Basking shark
Basking shark

Monthly Sightings Reports

HWDT’s Community Sightings Network encourages residents, local wildlife operators and visitors to the area to report their sightings of whales, dolphins and porpoises to HWDT. This information is important because it contributes to our understanding of where and when particular species occur. Report your sighting HERE.

Each month HWDT publishes a summary report of the sightings recorded via our Community Sightings Network. In summer we receive the greatest number of sightings while winter is a quiet time. This is partly due to the number of species present but also reflects the sea state and number of people on the water watching for whales, dolphins and porpoises. In winter, fewer people are watching and the sea state more frequently makes sightings difficult, or even impossible. Also non-resident species have migrated for the winter. At this time of year HWDT receives more strandings reports than at other time as storms can wash animals ashore. These seasonal variations will be reflected in our reports.

Select the monthly report you wish to view from the panel on the left of this page.

October 2015

October is usually a quiet month as far as sighting reports are concerned. However October 2015 was exceptional, with 126 sightings of an incredible 10 cetacean species reported (also basking shark and leatherback turtle). This is the highest diversity of cetacean species documented in our study area for many years, and demonstrates what incredible species diversity exists in our area. The high diversity last month was probably as a result of the change in the seasons: migratory species such as northern bottlenose, minke and humpback whales move south during the autumn, migrations which take some whales through the waters of the Hebrides. The most exciting record from October was of a pair of northern bottlenose whales near Loch Eishort on the southwest coast of Skye. The pair may have been a mother and calf. They remained within sight of the coast for 2-3 days before apparently leaving without any issues. Sightings of deep-diving species (e.g. northern bottlenose whale) in coastal waters always have us on edge, as they are prone to stranding alive. Thankfully this pair seemed to make it out to sea, unlike the pair that stranded and died on Skye last year.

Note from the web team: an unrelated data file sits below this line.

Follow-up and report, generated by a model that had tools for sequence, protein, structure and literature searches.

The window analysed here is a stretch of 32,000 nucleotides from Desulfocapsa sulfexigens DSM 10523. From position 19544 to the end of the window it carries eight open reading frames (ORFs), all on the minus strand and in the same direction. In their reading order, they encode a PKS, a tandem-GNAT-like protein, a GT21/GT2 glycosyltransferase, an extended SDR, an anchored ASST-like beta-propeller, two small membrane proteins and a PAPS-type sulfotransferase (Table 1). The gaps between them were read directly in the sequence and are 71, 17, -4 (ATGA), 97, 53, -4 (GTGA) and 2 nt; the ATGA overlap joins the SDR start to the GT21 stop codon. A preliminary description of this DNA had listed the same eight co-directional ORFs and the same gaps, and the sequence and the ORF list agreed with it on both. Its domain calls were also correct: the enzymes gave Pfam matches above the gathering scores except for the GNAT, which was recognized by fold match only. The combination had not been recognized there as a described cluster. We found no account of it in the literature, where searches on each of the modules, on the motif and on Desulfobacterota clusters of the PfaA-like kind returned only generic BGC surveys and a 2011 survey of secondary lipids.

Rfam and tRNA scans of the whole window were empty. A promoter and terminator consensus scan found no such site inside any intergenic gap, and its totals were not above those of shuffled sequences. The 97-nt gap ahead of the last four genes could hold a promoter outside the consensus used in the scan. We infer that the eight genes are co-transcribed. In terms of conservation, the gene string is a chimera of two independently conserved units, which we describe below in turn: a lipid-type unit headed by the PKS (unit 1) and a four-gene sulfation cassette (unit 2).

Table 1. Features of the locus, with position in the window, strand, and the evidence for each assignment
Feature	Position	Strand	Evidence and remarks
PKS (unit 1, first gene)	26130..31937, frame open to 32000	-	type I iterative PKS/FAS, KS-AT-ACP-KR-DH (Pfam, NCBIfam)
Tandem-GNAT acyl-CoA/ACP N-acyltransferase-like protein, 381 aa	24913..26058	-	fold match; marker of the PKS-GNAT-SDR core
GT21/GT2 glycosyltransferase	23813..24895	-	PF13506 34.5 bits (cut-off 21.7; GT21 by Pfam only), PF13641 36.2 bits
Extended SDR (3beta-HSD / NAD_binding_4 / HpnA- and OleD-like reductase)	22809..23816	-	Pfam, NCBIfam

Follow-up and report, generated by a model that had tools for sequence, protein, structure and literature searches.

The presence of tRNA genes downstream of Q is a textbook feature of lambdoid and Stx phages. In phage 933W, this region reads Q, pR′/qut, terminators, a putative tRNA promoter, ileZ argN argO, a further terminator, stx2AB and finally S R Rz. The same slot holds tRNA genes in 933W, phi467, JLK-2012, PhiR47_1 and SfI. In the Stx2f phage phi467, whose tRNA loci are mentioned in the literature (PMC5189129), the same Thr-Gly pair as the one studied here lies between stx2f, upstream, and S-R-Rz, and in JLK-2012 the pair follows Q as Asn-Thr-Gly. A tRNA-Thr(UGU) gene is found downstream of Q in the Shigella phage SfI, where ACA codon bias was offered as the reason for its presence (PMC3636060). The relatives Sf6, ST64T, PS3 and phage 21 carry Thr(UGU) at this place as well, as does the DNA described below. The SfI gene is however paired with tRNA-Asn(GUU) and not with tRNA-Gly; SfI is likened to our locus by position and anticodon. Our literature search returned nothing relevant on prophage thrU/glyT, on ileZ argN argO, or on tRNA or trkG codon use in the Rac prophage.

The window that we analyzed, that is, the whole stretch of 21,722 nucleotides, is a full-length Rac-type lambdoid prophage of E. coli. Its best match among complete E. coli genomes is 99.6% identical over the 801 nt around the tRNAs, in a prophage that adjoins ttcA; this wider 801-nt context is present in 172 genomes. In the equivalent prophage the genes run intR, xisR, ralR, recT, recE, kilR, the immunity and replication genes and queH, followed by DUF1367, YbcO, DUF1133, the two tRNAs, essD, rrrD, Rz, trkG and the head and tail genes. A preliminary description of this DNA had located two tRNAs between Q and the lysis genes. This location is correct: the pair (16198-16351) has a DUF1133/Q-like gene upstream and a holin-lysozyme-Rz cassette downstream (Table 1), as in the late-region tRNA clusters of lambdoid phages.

A humpback whale was again seen in the Clyde which begs the question: was it the same whale spending the whole summer and autumn there, or are several humpbacks paying a visit? As we have come to expect for autumn time, we had some reports of large groups of harbour porpoises. The largest group was of an estimated 60 individuals in the Inner Sound of Raasay and upwards of 30 in a single group off Eigg. Bottlenose dolphin sightings were confined to the southern half of the Hebrides. Common dolphin sightings were evenly spread throughout the region, but Risso's dolphin recrods were confinded to the Lewis coast; a known important location for this species.

The north coast of Skye stands out as a place where the species diversity and number of individual animals was high. The most unusual records both occurred here: that of a single leatherback turtle and a lone killer whale. Basking sharks were recorded many times in the Clyde, with sharks feeding around moorings and close to shore in the Kyles of Bute, enjoyed by many onlookers.

This will be the last monthly report until Spring 2016. We will do a winter summary, but please do keep your sightings coming... every winter sighting record (even of a lone harbour porpoise!) is important to us, as we still know very little about cetacean distribution during this period. Community sightings data can help us challenge current knowledge or assumptions about where these animals go during the winter.

A map of sightings from 1 November 2015 to 31 March 2016 can be viewed here

Top of page ^